In casu, the application is about nullification of the sale of the matrimonial house in a joint estate at a public auction. This auction was unknown by the applicant until execution procedures were triggered by the Messenger of Court and ejectment papers served on her. The question, therefore, is whether the disputes in the matter concern a claim to title, derogations or rights overriding title to land. In my view they do not because the rights that vest in a buyer at a public auction do not fall with the purview of the type of disputes envisaged under the Act.
 The answer to the issue raised is given by the Court of Appeal in Moletsane v. Sethathi C of A (CIV) No.54/2013 dated 24 October 2014 where the Court said:
“ But even accepting that the legal requirements in question were not observed, it does not follow that the whole process were a nullity. It would seem that the attention of the learned judge was not drawn to section 43 of the Subordinate Courts Order which reads-
‘A sale in execution by the messenger shall not, in the case of movable property after delivery thereof or in the case of immovable property after registration of transfer, be liable to be impeached as against a purchaser in good faith and without notice of any defect.’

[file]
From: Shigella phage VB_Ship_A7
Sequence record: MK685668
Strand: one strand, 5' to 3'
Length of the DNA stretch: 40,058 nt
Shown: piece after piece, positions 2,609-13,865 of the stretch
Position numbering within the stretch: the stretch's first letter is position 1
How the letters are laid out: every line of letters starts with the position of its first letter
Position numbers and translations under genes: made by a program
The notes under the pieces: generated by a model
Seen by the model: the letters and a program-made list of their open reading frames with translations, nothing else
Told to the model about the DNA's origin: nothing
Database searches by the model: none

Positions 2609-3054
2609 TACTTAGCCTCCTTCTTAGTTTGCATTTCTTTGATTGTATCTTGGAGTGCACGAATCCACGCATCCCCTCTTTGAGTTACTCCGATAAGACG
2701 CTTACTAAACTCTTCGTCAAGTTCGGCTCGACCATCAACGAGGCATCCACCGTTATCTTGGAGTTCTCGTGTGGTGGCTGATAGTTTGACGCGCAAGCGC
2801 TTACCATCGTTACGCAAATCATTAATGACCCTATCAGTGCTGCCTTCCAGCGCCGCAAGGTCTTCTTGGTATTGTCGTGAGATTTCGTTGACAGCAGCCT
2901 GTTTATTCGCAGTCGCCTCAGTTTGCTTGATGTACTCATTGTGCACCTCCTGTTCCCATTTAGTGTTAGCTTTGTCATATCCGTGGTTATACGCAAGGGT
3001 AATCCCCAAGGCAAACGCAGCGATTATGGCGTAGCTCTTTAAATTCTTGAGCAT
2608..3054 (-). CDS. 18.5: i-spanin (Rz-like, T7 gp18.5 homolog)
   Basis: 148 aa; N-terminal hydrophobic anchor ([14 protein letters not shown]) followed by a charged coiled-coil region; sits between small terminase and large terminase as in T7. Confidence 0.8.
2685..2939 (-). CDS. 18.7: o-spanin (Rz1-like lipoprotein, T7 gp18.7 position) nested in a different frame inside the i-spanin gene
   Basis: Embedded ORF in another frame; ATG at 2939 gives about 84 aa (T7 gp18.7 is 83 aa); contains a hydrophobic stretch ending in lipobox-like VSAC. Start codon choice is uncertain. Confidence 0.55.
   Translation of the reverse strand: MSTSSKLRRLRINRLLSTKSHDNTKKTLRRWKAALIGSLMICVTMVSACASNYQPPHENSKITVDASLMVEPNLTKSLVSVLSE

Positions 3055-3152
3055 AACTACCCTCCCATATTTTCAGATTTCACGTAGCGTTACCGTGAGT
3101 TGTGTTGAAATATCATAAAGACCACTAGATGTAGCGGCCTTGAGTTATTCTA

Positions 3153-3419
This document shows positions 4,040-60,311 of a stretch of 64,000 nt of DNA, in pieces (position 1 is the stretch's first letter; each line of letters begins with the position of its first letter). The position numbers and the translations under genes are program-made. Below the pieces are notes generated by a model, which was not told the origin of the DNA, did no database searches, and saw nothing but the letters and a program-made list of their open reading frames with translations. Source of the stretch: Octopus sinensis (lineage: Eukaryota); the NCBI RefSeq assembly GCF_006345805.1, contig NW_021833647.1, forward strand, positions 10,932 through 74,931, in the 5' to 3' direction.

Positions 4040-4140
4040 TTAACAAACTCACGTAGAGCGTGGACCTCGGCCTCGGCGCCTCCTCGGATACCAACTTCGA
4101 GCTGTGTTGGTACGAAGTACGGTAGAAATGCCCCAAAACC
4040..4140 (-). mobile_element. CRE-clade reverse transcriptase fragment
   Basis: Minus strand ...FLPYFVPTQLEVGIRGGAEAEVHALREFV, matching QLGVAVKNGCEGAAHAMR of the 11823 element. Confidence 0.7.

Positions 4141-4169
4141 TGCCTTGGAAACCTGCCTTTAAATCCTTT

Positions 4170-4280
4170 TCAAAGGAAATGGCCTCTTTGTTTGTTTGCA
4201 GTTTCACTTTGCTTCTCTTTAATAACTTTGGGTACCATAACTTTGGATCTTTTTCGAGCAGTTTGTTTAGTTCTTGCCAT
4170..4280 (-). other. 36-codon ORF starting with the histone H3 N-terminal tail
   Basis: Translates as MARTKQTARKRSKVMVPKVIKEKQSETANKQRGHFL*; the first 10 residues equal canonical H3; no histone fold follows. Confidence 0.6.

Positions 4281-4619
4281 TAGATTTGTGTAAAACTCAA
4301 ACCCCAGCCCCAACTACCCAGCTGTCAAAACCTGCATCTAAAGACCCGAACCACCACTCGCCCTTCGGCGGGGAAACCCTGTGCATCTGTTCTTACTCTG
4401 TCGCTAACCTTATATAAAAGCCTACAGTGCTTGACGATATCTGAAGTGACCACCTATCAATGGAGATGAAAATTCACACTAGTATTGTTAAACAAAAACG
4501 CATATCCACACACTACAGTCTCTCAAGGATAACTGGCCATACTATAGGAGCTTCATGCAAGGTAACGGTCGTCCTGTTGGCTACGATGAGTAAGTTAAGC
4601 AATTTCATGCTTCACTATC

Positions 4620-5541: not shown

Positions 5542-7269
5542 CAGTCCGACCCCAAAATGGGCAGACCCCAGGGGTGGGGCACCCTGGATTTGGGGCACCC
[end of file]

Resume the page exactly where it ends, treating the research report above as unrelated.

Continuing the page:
…the onus was on the party who sought to set aside a sale by the messenger of the court to allege and prove bad faith or knowledge of a defect on the part of the purchaser at such a sale in execution.”
 The dispute in this application is not even of the kind which involves the sale of property of a joint estate in a marriage in community of property whereby such property is sold or alienated by one spouse without the consent of the other contrary to section 7 of the Legal Capacity of Married Persons Act No.9 of 2006. If this was the kind of dispute, the applicant would have a valid claim as such a sale would be invalid (See Kobeli v. Moseneke And Others C of A (CIV) No.28/2014 dated 24 October, 2014) Nevertheless, such a claim would not be justiciable in this Court or the District Land Court as it is not about title, derogation from title or rights overriding title to landed property but impeachment of a private sale of matrimonial property without the requisite spousal consent.
 Therefore, to the extent that Rule 9 of the Land Court Rules, 2012 and Rule 8 of the District Land Court Rules, 2012 purport to confer jurisdiction or supplement the jurisdiction of the Land Courts, they are ultra-vires sections 73 and 76 of the Land Act, 2010. Jurisdiction is conferred by an Act of Parliament and not the Chief Justice through delegated legislation.
 It is for these reasons that the rule staying proceedings in CIV/DLC/MSU/91/2013 was discharged and this application dismissed with costs.
For the Applicants: K.A. Mariti
For the Respondents: H. Nathane KC